Our image of the Roman world is shaped by the writings of Roman statesmen and upper class intellectuals. Yet most of the material evidence we have from Roman times—art, architecture, and household artifacts from Pompeii and elsewhere—belonged to, and was made for, artisans, merchants, and professionals. Roman culture as we have seen it with our own eyes, Emanuel Mayer boldly argues, turns out to be distinctly middle class and requires a radically new framework of analysis.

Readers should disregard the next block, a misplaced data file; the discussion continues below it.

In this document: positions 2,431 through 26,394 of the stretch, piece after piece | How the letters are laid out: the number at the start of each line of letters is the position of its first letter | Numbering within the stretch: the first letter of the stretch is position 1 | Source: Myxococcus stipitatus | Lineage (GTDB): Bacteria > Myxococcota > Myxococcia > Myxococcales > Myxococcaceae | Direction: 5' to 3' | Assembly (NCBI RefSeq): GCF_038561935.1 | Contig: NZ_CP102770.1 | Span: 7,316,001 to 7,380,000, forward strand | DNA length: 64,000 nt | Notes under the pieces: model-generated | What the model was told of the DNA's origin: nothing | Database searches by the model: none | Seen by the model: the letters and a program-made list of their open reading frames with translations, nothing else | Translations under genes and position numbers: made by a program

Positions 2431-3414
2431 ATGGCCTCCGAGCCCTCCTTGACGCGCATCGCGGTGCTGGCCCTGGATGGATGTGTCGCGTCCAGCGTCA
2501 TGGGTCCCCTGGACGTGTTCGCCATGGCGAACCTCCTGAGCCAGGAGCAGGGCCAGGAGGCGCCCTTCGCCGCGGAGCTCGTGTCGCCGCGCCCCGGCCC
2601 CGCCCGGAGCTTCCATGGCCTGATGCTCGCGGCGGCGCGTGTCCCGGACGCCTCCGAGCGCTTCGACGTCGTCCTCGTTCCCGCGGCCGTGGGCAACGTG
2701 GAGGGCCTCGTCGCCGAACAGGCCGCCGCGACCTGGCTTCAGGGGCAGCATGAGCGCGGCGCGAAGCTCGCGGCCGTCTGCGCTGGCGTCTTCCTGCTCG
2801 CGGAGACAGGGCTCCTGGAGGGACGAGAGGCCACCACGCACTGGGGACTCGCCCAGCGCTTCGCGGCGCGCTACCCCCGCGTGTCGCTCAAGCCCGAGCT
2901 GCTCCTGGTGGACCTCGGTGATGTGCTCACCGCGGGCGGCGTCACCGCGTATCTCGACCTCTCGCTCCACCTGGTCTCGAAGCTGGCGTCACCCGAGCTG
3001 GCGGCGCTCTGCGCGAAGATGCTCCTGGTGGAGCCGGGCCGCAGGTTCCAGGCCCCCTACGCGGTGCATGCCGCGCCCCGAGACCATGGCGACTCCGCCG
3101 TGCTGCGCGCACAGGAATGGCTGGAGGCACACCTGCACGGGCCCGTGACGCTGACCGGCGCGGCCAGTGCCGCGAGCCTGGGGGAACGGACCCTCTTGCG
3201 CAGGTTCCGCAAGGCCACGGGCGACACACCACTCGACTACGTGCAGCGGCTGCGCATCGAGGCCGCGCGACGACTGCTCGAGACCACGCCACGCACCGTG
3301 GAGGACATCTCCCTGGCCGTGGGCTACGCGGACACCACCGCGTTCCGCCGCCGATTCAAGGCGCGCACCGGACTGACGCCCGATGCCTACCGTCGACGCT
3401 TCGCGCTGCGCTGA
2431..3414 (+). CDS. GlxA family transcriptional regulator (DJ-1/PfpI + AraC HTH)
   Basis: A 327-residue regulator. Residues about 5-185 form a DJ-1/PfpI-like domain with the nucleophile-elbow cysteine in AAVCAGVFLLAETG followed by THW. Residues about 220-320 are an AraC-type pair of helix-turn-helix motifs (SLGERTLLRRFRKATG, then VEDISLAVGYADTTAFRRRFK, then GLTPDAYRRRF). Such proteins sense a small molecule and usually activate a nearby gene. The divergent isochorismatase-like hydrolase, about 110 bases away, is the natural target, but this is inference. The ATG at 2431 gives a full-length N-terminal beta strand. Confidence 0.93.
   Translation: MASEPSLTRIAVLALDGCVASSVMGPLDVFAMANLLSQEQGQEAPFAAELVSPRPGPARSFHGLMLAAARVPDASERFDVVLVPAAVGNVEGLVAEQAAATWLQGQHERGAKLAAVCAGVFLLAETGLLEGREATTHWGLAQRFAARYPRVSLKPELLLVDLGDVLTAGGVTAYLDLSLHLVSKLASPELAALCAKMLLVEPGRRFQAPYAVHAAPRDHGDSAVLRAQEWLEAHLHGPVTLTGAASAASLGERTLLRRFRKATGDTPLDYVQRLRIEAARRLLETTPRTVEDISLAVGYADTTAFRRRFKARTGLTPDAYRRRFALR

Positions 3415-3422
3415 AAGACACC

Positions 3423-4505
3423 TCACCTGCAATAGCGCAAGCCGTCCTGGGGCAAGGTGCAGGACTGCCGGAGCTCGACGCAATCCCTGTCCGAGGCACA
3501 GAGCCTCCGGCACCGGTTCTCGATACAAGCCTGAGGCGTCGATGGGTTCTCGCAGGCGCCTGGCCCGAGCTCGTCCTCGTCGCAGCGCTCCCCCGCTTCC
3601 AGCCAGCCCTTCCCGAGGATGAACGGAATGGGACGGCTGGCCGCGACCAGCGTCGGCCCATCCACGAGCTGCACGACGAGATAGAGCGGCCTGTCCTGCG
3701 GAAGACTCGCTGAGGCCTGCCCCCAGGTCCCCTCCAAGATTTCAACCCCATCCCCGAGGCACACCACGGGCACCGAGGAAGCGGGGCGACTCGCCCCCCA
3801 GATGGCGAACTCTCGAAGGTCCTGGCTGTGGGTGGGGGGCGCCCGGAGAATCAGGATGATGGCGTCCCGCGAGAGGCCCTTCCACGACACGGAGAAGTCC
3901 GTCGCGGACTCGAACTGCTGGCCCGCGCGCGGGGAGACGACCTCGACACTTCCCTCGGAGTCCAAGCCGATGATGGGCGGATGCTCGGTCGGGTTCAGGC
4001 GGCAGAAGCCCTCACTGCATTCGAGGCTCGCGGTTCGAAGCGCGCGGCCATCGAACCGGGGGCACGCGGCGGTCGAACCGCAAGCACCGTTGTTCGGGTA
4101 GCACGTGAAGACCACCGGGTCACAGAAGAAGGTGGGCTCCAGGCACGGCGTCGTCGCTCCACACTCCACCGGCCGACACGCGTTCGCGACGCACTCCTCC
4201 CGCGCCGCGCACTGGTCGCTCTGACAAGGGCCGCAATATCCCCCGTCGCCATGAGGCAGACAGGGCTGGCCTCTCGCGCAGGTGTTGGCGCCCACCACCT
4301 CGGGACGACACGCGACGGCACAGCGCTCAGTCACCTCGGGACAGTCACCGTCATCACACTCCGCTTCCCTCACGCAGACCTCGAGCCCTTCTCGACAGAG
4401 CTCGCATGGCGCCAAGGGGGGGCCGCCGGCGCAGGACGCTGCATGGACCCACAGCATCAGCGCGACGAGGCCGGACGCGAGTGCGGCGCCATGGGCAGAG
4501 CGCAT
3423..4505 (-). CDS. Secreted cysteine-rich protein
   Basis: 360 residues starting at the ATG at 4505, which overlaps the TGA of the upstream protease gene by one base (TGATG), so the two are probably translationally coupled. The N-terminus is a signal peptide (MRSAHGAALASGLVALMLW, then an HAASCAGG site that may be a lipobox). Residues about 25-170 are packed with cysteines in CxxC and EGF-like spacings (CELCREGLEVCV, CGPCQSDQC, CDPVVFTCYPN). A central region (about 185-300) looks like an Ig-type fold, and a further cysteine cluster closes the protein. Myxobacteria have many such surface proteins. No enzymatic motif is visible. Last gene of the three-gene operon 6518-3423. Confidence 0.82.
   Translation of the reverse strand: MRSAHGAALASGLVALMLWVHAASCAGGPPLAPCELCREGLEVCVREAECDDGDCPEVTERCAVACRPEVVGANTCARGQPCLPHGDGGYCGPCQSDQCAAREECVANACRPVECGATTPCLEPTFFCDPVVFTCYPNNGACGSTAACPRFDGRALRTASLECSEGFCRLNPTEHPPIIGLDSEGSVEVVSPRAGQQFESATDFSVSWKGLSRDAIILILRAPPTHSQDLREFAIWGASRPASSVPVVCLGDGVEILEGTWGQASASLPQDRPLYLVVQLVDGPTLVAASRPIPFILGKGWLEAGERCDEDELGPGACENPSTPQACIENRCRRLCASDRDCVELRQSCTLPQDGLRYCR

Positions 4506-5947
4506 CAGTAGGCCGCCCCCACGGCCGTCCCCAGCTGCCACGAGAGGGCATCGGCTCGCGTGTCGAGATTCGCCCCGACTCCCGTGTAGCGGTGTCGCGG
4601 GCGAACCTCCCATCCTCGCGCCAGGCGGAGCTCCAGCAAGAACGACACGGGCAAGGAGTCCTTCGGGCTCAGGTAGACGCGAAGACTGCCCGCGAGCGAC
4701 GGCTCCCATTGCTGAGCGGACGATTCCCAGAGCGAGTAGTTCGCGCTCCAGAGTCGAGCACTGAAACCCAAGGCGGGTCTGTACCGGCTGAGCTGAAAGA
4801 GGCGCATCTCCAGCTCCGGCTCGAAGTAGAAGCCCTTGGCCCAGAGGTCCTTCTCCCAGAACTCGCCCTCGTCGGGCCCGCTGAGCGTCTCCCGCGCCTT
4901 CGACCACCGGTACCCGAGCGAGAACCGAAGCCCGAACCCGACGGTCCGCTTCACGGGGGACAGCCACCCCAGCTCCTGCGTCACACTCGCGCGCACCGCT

Starting in the first century BCE, ancient communities, largely shaped by farmers living within city walls, were transformed into vibrant urban centers where wealth could be quickly acquired through commercial success. From 100 BCE to 250 CE, the archaeological record details the growth of a cosmopolitan empire and a prosperous new class rising along with it. Not as keen as statesmen and intellectuals to show off their status and refinement, members of this new middle class found novel ways to create pleasure and meaning. In the décor of their houses and tombs, Mayer finds evidence that middle-class Romans took pride in their work and commemorated familial love and affection in ways that departed from the tastes and practices of social elites.